- The Washington Times - Monday, September 6, 2004

FREDERICK, Md. — The forest fire that brought love into Joseph J. Davis’ life still burns brightly in his memory nearly 70 years later.

He was a Civilian Conservation Corps forester at a camp near Frederick. Viola Rice was the redheaded nurse who treated his co-workers’ blistered hands after a fierce blaze on a Catoctin Mountain ridge.

When a co-worker’s bandages needed changing, Mr. Davis took him back to Miss Rice, who asked Mr. Davis whether there were any complications with the wounds.

“I said, ‘No, there’s a complication with me. Would you like to have dinner with me?’” Mr. Davis recalled.

For the first four years of their marriage, Mr. Davis worked for the CCC, a Depression-era jobs program created by President Franklin D. Roosevelt. From 1933 to 1942, the corps employed more than 3 million young men who planted trees, built roads, blazed trails, improved beaches and constructed distinctive lodges and shelters on public lands nationwide.

The work done by Mr. Davis’ crews at Gambrill and New Germany state parks outlasted his wife, who died years ago. It is likely to survive him, too.

“I’m 92 years of age, and my memories of the CCCs are still vivid,” the Frederick resident said. “It was such a wonderful program.”

On Saturday, Mr. Davis and other surviving CCC members who left their mark on Maryland will be honored at a campfire in Gambrill State Park, just west of Frederick. Coordinator Eric Creter, a park ranger, said the gathering is part of a project to collect and preserve their stories.

“The generation of folks that were involved in the corps are reaching their elder years,” he said. “It’s good to capture that part of history while we can still get it.”

He said the CCC developed many state parks, including Gambrill, established in 1934. At High Knob, a 1,500-foot peak inside the park, the CCC built three scenic overlooks, three nearby picnic pavilions and the Tea Room, an L-shaped building with an outdoor balcony that is booked for private parties every weekend from April through October.

The architecture, known as American Rustic, is consistent with CCC projects from Vermont’s Winooski River Valley to Yosemite National Park in California. The structures are made of local stone and wood. Buildings are framed with logs or rough-hewn timber, their exposed beams and rafters stained a deep brown.

Many such buildings still stand, looking much as they did before World War II.

“It’s kind of like a little time capsule,” Mr. Creter said during a tour of the Gambrill structures.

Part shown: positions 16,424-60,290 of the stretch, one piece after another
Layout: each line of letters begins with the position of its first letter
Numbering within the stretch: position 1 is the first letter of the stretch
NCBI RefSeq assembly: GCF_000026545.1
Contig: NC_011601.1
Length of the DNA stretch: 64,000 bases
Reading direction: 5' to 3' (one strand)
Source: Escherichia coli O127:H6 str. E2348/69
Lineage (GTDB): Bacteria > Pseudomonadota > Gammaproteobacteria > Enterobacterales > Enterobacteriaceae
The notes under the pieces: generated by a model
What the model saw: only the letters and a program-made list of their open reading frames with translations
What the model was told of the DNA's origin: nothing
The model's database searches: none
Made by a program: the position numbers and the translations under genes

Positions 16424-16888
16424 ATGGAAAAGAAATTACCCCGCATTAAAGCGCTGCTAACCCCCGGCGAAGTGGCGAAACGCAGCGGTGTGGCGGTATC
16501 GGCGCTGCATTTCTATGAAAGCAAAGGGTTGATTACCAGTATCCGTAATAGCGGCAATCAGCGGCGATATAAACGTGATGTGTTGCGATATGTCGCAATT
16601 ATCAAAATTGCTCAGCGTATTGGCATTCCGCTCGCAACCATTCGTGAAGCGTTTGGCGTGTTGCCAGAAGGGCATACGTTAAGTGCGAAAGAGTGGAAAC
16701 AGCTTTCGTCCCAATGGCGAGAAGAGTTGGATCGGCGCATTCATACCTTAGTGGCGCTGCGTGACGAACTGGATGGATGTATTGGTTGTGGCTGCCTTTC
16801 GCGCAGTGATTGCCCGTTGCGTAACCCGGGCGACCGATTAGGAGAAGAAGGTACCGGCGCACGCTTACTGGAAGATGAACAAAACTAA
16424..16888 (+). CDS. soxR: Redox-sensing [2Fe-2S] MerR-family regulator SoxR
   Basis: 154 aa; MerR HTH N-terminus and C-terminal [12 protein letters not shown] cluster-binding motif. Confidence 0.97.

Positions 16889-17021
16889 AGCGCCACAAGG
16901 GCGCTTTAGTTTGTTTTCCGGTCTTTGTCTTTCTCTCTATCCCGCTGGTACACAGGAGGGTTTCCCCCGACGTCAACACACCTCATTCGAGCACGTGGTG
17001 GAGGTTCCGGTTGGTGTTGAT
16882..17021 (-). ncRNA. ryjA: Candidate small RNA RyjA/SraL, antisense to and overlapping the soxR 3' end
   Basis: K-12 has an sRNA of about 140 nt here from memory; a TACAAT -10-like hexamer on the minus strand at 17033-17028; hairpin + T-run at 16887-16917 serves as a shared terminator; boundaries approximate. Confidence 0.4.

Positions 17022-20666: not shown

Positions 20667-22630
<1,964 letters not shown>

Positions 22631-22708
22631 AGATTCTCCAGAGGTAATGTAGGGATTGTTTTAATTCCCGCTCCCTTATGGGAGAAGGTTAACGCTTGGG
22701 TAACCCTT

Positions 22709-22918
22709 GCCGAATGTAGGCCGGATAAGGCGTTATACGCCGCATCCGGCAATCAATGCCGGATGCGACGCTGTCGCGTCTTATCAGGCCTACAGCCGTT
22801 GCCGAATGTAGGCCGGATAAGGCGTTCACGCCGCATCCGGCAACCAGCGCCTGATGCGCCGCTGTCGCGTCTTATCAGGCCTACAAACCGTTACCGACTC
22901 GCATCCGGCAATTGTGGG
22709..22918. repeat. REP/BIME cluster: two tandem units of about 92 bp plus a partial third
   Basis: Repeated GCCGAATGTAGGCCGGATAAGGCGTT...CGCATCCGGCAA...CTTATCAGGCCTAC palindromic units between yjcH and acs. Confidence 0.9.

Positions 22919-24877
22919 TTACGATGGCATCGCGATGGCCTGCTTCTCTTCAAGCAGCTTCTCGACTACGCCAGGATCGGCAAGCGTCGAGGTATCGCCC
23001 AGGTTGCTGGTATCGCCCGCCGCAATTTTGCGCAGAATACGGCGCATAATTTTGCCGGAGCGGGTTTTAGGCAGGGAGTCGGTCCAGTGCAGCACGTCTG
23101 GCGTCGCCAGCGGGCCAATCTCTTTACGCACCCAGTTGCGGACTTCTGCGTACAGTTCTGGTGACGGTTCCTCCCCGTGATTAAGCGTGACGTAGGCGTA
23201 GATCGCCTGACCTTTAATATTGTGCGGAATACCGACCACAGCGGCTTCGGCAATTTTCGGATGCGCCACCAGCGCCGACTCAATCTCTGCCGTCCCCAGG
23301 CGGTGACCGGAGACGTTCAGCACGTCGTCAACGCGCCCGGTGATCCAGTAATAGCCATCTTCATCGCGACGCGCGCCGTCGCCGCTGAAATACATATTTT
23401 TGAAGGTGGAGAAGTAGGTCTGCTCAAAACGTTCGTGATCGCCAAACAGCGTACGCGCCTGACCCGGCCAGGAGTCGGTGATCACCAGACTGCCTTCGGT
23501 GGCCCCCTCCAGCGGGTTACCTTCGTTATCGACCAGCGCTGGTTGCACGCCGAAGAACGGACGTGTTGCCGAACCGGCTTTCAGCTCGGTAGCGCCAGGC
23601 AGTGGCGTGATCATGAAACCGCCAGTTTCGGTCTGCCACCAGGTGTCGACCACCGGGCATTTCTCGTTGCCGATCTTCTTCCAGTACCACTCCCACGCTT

But the nearby camp that housed the workers is virtually gone. Stone pillars on either side of Mountaindale Road mark the entrance to what once was CCC Camp S-57, but the mess hall and four barracks are gone.

Bits of their concrete foundations surround a three-tier stone fountain, now dry and overgrown with poison ivy. A cinder-block equipment shed stands on part of the site, which now is owned by the city of Frederick, just below Fishing Creek Reservoir.

Across the road is the only camp building still standing, a lodge that housed the 11-member supervisory staff. It included Mr. Davis, who had graduated recently from Cornell University. The staff was overseen by the Army.

“We had a commanding officer, a junior officer, a full cook crew — and, of course, those early cooks were lousy cooks,” Mr. Davis said. “We had a rec hall that showed movies once a week.”

The camp’s 40 to 50 enrollees, as the workers were called, were paid $30 a month, with $25 mailed directly to their families, Mr. Davis said. They spent the remaining $5 at the camp store or on trips to Frederick, about six miles away.

“It wouldn’t be much today but, by God, it took care of them,” Mr. Davis said.

Enrollees who hadn’t graduated from high school could earn diplomas, Mr. Davis said.

Maryland had at least 54 CCC camps, according to the National Association of Civilian Conservation Corps Alumni in St. Louis.

Donna Broome, an associate archivist, said the association has about 4,000 members who served in the corps, but their numbers are declining quickly. Most are in their 80s, she said.

After the CCC was disbanded in 1942, Mr. Davis went on to a management career with the Boy Scouts of America. Many former enrollees went to war.

“What the CCC did is prepare them for World War II,” Miss Broome said. “They would take these boys and help them as far as becoming leaders because they already had a certain amount of regimentation and discipline.”

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